Quan’s detention follows the sentencing of several other bloggers as Vietnam’s Communist authorities “step up their rigorous policing of the Internet,” writes the Wall Street Journal’s James Hookway.
“Officials appear to worry about the organizing power of the Web, and have sporadically blocked social-networking sites such as FacebookFB +4.96% and tried popularize their own, state-controlled alternatives instead. They have good reason to be concerned,” he notes:
As penetration rates quickly rise —more than a third of Vietnamese are now online, a higher percentage than in Indonesia or Thailand—dissidents increasingly are going online to discuss what they view as the country’s failings in its rush to become a modern, industrialized economy.
In recent months, several prominent blogs have emerged to criticize the lavish spending habits and lifestyles of top Communist Party officials, embarrassing the government and prompting Prime Minister Nguyen Tan Dung to attempt to muzzle online criticism.
So far, Vietnamese authorities have focused on legal threats to quash dissent. Technology analysts say the country lacks the sophisticated Internet monitoring and blocking technology employed by China. Hanoi instead resorts to making an example of dissident bloggers, and is working on new laws that would force Vietnamese to use their real names online—a move that Internet-driven businesses worry will stifle the growth of online commerce.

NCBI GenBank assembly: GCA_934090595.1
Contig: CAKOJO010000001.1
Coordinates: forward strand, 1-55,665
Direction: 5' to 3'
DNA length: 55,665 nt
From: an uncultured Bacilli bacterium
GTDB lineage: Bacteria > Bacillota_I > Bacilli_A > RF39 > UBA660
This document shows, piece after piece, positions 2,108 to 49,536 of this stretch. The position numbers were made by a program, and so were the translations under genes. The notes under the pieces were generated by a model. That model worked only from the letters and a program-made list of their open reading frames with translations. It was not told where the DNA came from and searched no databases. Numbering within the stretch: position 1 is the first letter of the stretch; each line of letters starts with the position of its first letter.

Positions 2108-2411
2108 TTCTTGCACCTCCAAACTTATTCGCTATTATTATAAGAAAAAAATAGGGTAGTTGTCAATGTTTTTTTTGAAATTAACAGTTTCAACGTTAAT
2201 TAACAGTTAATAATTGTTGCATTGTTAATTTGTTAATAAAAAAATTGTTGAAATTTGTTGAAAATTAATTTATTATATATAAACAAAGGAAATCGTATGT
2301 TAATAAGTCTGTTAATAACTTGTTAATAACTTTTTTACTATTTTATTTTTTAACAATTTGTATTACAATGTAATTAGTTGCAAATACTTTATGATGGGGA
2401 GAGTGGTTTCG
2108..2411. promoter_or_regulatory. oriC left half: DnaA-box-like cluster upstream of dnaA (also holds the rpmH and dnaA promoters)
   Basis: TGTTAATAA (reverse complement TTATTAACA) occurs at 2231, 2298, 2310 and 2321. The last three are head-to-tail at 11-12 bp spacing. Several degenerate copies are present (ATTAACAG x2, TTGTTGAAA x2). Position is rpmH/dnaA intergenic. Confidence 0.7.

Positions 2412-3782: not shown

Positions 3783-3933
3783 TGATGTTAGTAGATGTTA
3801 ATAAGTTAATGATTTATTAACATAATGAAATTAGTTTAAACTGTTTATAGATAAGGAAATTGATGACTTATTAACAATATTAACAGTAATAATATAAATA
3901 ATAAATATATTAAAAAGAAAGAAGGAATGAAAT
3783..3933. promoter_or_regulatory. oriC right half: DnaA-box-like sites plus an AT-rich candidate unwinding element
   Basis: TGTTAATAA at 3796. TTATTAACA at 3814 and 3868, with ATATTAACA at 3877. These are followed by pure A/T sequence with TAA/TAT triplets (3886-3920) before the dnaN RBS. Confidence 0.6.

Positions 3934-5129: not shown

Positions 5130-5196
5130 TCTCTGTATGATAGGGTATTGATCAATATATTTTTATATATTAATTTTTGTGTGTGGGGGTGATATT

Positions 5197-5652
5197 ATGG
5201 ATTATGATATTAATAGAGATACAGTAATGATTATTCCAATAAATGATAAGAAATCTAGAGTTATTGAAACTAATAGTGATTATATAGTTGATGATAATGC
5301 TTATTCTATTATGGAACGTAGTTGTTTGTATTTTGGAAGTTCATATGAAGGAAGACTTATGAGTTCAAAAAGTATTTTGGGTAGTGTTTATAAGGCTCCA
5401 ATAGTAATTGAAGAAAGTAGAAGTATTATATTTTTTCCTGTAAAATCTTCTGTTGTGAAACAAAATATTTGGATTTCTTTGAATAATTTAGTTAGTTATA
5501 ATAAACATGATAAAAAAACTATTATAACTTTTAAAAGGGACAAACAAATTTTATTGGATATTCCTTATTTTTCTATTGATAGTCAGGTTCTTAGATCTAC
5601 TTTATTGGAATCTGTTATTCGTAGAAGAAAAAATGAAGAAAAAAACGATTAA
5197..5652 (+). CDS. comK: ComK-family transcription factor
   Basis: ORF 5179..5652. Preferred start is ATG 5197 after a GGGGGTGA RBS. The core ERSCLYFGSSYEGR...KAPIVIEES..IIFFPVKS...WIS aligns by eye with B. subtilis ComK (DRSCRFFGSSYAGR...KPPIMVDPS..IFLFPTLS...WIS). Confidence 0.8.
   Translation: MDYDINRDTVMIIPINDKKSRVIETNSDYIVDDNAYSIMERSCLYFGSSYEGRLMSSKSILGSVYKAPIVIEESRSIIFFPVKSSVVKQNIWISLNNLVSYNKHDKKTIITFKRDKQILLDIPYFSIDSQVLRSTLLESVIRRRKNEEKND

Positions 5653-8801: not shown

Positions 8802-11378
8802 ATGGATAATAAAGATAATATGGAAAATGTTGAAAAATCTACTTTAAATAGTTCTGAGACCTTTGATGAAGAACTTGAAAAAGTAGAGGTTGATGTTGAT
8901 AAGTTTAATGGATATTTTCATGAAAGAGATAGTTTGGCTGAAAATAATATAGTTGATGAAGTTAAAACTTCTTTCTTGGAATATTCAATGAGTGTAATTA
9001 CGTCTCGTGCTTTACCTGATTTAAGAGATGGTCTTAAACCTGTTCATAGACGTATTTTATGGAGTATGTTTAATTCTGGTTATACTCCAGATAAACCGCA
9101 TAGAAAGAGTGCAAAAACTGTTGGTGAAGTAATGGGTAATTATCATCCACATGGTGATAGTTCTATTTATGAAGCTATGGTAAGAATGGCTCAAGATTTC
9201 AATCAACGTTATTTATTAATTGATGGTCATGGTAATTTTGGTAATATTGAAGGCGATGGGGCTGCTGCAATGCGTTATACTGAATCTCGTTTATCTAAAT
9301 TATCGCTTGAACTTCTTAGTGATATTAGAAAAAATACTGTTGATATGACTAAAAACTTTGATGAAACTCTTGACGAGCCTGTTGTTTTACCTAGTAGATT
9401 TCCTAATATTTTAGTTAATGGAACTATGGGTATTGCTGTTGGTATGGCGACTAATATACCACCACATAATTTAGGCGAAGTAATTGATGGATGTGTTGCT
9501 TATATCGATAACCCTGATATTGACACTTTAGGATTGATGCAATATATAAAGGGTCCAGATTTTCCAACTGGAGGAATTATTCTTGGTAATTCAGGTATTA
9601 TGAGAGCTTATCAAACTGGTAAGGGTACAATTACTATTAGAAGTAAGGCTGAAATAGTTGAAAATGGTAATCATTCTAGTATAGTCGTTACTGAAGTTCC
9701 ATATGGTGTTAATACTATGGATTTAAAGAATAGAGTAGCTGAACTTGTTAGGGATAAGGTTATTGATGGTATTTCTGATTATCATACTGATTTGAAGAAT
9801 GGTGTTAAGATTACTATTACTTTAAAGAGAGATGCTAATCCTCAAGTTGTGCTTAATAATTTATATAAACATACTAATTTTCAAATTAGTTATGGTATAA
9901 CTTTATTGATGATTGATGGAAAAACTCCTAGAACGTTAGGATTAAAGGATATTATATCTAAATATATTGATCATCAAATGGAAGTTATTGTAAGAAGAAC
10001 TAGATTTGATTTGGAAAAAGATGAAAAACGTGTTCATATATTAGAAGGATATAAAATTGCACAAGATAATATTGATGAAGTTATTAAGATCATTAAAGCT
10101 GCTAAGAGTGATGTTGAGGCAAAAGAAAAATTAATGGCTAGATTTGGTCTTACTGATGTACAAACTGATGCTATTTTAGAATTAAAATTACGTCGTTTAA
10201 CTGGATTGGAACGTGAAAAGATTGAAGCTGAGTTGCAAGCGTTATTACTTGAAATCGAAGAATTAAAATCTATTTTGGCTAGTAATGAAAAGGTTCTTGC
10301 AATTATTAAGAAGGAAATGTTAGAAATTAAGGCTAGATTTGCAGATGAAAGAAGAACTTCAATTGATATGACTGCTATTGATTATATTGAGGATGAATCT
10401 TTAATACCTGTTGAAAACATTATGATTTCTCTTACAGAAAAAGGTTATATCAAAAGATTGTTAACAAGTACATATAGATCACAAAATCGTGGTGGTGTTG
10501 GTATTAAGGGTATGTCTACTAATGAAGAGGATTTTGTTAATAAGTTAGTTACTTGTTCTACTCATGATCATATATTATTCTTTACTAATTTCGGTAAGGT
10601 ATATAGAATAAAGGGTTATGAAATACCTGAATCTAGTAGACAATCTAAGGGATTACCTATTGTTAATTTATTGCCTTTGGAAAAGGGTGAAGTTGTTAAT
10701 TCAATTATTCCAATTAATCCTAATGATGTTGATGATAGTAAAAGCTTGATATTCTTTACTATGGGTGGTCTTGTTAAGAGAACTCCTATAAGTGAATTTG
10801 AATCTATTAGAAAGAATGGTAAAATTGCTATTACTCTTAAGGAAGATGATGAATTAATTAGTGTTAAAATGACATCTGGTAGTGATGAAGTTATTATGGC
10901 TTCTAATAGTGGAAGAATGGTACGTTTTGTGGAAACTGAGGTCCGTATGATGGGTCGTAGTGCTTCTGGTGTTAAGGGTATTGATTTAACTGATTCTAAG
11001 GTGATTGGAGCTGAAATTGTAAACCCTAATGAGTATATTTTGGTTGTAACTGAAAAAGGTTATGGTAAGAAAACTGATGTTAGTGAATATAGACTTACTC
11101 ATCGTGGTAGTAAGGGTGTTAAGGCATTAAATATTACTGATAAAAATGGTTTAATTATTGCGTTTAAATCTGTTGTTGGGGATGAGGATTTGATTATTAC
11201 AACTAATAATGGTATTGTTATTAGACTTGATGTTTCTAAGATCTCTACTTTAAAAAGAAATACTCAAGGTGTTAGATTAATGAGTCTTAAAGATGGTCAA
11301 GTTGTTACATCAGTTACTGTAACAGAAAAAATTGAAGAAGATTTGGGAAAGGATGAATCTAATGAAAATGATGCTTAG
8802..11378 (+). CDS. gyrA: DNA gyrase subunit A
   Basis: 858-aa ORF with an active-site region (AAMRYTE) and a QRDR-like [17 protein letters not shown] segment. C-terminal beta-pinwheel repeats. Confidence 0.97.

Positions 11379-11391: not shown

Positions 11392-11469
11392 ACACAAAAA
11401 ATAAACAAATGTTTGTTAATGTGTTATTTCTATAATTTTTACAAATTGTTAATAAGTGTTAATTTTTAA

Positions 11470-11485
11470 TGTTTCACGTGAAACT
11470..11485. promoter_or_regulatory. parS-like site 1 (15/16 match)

“Like other Vietnamese exercising their rights to free expression, many of the country’s growing corps of bloggers are increasingly threatened, assaulted, or even jailed for peacefully expressing their views,” said Brad Adams, Asia director at Human Rights Watch. “We are honored to amplify the voices the ruling Vietnamese Communist Party wants to prevent from participating in public discussions of Vietnam’s many social and political problems,” Adams said.
“Vietnam has a lot of dissidents in jail,” The Economist notes. “America is not going to be able to get Vietnam to stop arresting dissidents; the Communist Party is not interested in political suicide. Nor will it be able to force Vietnam to allow its citizens to do whatever they want on the internet.”
But Vietnam is dependent on American export markets and on American military and diplomatic backing in its struggle against China over maritime jurisdiction in the South China Sea. That allows America to make it clear that Vietnam will pay a limited price, in embarrassment and ebbing support, if it goes beyond certain informal lines in its oppression of dissidents. John Kerry, by virtue of his personal qualities, is in a position to draw those lines somewhat more expansively than a different secretary of state would be, one who was not considered by Vietnam to be a hero of Vietnamese-American reconciliation. He should use that position to try and get Le Quoc Quan and some of his fellow democracy activists out of jail.